For many moviegoers, James Cameron's Oscar-winning "Titanic" was a moving moment in cinema history. For one viewer in North Korea, the blockbuster movie became the life-changing reason to escape her country’s oppressive government.

Addressing a group of about 100 Silicon Valley designers, coders, hackers and students gathered in San Francisco for Hack North Korea, Park Yeon-mi, 20, a North Korean defector, detailed the important role Jack and Rose played in her decision to embark on a dangerous journey to escape North Korea. After watching the James Cameron classic, Park says she realized there were things worth dying for other than her country.

In 2007, Park and her parents began a long and treacherous journey across a freezing Tumen River to China, then through the Gobi desert to Mongolia. She has since settled in Seoul, South Korea. Now, she is using her background to help advocate for the freedom of information through the country’s growing black market and through organizations like the Human Rights Foundation, which holds programs like this weekend’s North Korea hackathon. The two-day event attracted a diverse group of participants with different backgrounds and knowledge on the pariah nation, sharing one common goal: figuring out how to get information into North Korea safely.

Alex Gladstein, the director of institutional affairs for the Human Rights Foundation, said after food, hunger for anything cultural from outside of the regime is what North Korean citizens crave. “It’s mainly soft culture, whether it’s Hollywood, South Korean soap operas, Bollywood movies, anything that shows something different,” Gladstein said via telephone. The Foundation estimates 25 percent of North Koreans listen to foreign broadcasts illegally, and nearly every household has some kind of illegal technological device.

Under the leadership of Kim Jong Un, North Korea’s youth are primed to be less afraid of the regime. “Unlike Kim Il Sung or Kim Jong Il, the current leader is not treated like deity,” Gladstein said. The unwavering commitment from the people that the two older Kims used to command  does not resonate with many of the country’s younger residents, manifesting itself in small but significant ways. “Young people [in North Korea] now have outside haircuts and speak outside dialects. Now is the time to get the information in,” Gladstein said.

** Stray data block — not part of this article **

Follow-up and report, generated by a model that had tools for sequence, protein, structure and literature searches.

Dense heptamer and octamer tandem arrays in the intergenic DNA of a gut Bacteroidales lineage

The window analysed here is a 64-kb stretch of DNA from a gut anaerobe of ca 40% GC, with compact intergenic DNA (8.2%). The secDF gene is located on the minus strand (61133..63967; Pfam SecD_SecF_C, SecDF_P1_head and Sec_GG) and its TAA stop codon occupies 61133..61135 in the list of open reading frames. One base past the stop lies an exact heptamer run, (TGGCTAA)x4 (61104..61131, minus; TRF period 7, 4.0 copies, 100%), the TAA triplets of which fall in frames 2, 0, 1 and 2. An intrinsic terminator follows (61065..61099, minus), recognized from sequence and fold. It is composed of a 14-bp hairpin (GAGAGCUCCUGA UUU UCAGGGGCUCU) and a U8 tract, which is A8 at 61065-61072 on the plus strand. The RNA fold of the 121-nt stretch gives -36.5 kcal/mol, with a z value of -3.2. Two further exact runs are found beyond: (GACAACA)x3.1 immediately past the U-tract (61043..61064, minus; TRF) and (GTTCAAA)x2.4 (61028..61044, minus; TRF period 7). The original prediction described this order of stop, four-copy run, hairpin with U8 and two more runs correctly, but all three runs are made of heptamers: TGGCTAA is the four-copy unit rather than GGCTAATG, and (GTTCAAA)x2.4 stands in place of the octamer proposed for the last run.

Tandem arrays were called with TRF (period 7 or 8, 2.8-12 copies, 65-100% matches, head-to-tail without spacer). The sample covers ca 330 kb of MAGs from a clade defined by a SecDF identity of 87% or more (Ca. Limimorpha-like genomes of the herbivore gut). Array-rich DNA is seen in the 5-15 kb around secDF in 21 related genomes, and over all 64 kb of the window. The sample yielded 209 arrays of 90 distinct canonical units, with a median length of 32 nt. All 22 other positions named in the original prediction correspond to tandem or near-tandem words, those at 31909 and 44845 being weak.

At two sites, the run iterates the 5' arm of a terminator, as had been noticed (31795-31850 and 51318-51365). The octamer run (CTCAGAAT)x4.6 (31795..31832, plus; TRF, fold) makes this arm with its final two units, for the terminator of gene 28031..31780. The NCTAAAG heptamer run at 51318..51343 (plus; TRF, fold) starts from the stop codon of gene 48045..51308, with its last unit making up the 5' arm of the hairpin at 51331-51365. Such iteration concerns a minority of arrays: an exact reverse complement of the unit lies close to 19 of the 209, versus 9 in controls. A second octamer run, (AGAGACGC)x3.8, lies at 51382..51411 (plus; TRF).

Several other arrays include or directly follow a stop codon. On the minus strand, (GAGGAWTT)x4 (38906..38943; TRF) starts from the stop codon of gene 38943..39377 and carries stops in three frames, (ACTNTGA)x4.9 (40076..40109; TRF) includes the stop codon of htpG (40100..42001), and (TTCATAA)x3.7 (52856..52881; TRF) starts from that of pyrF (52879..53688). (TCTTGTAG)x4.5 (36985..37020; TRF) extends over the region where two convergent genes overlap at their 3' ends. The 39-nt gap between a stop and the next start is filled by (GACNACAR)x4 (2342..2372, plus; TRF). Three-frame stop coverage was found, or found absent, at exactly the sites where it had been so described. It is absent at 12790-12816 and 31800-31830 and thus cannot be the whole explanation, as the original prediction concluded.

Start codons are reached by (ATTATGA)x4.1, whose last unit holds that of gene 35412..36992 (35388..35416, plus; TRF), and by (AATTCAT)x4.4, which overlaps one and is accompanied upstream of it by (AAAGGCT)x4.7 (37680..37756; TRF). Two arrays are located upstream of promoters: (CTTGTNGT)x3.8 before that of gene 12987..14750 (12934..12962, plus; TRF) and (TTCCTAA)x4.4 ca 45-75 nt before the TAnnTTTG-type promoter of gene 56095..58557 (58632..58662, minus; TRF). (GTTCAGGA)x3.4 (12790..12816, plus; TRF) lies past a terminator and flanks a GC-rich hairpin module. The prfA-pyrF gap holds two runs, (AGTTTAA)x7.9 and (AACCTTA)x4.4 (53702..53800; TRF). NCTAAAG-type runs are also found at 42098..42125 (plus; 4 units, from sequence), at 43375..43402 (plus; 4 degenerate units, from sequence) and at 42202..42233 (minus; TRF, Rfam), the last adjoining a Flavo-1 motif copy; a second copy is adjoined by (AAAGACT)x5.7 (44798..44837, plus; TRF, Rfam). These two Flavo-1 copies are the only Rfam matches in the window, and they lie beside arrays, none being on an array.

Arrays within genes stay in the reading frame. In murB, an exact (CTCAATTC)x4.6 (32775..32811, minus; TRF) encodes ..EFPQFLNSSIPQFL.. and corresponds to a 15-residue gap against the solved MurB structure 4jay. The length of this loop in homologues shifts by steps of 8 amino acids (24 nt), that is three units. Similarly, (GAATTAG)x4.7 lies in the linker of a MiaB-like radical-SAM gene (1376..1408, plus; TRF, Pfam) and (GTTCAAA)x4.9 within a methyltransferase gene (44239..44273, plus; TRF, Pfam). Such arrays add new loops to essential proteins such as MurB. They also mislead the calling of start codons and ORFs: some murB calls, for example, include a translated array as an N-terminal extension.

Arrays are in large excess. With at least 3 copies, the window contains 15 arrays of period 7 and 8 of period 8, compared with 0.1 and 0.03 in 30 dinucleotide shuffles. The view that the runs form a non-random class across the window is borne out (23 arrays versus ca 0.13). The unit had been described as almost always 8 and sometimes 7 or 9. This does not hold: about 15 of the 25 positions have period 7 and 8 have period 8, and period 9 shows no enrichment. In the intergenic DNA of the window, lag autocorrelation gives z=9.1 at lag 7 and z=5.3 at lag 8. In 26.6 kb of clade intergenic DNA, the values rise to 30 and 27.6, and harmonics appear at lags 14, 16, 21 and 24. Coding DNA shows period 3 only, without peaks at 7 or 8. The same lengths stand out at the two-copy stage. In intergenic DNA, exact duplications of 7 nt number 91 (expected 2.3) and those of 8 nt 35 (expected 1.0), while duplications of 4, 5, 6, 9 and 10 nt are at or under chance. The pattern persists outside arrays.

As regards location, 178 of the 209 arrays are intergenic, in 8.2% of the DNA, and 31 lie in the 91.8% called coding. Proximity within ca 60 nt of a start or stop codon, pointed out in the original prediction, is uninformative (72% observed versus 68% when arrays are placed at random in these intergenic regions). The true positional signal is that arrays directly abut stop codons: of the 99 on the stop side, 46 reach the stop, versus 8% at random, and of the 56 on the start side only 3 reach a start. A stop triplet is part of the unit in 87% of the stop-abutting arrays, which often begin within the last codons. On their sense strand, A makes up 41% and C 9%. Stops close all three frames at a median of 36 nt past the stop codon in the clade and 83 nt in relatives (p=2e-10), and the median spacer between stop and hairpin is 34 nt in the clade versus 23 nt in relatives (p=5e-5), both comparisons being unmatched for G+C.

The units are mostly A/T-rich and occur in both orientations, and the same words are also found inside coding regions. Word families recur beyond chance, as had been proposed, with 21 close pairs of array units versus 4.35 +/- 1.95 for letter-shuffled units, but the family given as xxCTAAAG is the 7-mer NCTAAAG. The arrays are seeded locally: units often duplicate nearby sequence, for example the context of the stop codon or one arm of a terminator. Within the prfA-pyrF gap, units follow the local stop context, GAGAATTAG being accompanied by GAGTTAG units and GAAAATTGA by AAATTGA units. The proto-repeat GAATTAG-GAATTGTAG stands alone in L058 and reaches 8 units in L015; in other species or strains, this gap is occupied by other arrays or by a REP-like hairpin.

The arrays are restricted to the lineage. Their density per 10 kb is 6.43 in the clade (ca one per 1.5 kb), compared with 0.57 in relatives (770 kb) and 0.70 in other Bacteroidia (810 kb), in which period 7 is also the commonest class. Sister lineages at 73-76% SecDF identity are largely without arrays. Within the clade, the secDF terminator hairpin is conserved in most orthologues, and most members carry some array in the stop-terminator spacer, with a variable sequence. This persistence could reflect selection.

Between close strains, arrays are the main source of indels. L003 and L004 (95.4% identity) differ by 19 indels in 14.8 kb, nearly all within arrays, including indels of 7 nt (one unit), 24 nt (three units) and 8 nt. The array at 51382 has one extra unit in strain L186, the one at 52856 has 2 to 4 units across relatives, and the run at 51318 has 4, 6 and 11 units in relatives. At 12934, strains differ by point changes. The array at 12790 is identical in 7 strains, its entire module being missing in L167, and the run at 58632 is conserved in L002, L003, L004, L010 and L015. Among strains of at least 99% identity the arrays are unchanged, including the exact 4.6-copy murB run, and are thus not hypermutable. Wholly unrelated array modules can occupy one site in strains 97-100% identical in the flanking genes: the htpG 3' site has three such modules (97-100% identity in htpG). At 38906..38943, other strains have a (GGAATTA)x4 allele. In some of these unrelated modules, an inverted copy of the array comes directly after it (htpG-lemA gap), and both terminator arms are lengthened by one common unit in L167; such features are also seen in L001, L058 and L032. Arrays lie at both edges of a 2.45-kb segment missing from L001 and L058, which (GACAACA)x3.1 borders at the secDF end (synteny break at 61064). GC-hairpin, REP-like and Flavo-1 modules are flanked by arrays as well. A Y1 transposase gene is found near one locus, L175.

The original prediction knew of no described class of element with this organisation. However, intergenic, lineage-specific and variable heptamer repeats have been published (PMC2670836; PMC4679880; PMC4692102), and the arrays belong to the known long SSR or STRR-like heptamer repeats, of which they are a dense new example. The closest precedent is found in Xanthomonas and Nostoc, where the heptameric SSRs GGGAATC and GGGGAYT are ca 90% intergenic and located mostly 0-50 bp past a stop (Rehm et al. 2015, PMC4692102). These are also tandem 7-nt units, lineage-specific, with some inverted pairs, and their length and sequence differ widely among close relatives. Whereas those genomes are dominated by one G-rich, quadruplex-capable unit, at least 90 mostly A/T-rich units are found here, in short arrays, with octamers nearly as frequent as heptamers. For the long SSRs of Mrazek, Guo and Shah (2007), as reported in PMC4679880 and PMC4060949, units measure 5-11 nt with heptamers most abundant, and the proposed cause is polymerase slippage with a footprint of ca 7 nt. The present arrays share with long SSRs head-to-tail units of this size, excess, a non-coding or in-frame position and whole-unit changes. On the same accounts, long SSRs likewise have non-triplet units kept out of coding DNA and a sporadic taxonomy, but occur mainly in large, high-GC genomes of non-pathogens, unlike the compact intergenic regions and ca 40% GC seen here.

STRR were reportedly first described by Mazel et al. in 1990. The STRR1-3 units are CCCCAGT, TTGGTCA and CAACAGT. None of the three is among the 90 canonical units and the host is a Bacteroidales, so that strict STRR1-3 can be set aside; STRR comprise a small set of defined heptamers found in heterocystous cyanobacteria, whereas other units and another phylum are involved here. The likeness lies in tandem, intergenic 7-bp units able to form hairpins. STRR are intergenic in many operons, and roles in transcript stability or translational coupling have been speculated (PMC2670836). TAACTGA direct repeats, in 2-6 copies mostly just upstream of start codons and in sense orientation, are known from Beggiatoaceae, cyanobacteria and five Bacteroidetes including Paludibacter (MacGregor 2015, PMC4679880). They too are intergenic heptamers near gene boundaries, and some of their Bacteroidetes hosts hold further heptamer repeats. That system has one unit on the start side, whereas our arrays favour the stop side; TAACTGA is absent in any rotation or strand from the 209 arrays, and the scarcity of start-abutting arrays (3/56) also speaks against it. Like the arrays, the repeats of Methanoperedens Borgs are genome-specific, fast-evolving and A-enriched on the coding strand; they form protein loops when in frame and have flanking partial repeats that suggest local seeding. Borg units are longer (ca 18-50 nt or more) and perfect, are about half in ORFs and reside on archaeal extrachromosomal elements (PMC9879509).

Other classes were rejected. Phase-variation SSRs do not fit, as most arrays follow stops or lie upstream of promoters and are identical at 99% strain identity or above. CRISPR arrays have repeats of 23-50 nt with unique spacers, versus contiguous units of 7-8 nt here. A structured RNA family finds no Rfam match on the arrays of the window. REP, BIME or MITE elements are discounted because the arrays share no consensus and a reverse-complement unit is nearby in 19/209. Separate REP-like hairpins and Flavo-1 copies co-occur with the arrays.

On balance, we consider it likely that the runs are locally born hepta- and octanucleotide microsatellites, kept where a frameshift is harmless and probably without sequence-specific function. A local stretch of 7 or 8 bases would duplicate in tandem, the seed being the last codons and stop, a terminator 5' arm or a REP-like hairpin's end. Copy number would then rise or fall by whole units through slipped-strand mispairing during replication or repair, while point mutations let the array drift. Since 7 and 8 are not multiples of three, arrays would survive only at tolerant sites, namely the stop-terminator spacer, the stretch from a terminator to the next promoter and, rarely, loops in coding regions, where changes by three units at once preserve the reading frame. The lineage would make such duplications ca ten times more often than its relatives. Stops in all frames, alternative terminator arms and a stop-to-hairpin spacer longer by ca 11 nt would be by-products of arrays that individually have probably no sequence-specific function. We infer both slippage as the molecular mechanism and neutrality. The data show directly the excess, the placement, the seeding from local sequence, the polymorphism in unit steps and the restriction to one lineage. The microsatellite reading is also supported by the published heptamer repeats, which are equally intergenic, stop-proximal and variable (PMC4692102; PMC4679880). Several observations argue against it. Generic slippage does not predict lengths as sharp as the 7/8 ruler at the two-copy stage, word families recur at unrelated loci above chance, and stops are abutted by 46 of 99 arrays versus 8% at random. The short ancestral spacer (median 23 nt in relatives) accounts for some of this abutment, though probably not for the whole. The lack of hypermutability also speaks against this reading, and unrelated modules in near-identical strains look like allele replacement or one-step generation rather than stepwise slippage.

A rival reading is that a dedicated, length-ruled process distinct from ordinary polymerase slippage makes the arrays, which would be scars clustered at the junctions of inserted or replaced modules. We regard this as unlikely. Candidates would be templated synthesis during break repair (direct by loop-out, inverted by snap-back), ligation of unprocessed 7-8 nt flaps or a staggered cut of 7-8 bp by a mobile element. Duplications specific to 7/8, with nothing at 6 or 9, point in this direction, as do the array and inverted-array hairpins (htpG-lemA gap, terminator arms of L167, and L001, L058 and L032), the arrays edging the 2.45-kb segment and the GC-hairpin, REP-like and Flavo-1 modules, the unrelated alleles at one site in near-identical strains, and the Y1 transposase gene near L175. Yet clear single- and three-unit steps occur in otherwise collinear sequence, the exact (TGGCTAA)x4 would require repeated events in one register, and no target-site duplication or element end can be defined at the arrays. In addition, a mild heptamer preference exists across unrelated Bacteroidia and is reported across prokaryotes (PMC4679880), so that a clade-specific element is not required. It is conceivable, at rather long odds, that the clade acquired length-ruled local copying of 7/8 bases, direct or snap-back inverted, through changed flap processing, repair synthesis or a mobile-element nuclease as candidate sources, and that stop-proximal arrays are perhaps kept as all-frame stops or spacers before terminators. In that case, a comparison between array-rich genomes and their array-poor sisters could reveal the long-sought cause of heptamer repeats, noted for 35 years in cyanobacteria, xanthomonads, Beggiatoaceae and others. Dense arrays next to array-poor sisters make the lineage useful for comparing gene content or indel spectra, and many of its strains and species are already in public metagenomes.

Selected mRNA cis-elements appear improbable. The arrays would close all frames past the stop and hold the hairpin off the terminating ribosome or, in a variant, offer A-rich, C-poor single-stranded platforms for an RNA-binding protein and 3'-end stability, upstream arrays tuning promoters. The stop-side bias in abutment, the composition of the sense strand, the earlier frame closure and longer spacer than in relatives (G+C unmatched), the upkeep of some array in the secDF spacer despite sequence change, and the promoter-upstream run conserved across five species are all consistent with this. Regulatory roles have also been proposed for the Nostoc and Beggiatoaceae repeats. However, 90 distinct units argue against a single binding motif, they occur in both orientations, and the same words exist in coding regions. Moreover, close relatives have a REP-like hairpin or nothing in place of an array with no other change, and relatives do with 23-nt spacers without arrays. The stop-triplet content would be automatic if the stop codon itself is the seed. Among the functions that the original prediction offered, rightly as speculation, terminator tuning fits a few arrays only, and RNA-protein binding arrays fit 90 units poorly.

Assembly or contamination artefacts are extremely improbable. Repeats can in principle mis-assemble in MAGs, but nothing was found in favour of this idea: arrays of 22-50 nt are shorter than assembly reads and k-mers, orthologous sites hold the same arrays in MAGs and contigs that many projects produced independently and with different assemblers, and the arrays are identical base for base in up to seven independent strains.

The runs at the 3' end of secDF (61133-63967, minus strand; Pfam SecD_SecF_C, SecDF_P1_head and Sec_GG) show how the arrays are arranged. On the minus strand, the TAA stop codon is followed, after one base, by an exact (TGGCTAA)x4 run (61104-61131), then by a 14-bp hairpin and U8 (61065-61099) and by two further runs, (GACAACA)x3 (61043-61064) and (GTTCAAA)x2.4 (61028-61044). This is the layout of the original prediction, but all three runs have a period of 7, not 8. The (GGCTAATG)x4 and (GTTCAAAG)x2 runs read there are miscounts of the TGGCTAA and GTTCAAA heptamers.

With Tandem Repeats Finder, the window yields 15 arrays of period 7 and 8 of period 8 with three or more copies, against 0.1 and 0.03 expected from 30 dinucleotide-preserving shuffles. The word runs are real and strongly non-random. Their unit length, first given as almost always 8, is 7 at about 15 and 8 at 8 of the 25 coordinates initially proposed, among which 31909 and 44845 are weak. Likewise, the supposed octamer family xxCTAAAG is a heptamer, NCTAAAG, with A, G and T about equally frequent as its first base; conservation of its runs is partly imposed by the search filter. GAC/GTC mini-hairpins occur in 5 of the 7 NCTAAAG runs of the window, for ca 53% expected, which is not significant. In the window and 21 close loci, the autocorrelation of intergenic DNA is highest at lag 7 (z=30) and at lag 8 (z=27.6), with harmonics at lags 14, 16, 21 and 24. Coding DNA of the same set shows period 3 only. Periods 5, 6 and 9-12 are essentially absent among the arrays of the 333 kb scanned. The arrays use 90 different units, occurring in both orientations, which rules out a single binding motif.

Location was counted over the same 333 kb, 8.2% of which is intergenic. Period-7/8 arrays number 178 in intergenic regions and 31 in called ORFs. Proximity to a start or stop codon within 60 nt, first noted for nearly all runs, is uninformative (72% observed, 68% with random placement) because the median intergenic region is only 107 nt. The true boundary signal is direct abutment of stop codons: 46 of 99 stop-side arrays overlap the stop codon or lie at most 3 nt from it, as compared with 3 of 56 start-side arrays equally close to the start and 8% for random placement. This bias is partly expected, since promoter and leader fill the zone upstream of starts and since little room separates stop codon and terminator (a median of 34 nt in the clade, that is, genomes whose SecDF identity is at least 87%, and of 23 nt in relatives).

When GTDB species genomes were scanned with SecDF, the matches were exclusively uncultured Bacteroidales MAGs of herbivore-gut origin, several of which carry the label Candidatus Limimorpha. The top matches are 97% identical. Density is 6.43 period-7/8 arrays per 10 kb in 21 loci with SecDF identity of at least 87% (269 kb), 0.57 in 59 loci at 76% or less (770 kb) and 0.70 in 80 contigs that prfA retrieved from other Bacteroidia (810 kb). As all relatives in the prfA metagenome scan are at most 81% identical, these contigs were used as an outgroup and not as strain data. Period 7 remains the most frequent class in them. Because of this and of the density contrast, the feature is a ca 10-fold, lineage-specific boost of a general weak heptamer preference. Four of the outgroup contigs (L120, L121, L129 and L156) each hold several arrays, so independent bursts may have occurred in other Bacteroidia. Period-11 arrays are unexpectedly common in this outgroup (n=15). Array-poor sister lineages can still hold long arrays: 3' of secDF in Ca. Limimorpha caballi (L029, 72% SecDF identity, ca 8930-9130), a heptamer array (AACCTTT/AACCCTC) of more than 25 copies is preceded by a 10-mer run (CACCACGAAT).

The hackathon discussed precisely how to do that. Some ideas were decidely low-tech, like using slingshots to fire USB drives over the border, while others were more advanced. The hackathon’s winning idea came from Justice and Madison Suh, 17-year old Korean-Americans from Virginia, and Matthew Lee, a former Google employee. The two teens proposed information be accessed from within North Korea’s borders by sneaking in credit-card sized devices based on a microcomputer called Raspberry Pi, which is able to carry preloaded content and pick up radio signals. Lee offered an idea that would allow North Koreans who already own televisions to access live TV through a South Korean satellite television service called SkyLife. By sneaking in small, book-sized coaxial cable devices and hooking them up to TV sets, North Koreans would likely be able to access SkyLife signals.

There was a time when the consequences for being caught with foreign videos or information warranted immediate execution. This was how the mother of Park’s friend died, after being caught with a Disney movie. While the danger of being caught is still real, the threat of death is now less likely.

Along with Park, other North Korean defectors attended the event to help guide teams and offer a real perspective on the issues the country is facing, as well as single out ideas that would fail in a low-technology, obsessively controlled society. Defector Park Sang Hak and his organization Fighters for a Free North Korea are already launching balloons carrying radios, USBs and even DVDs from the South Korean border to North Korea.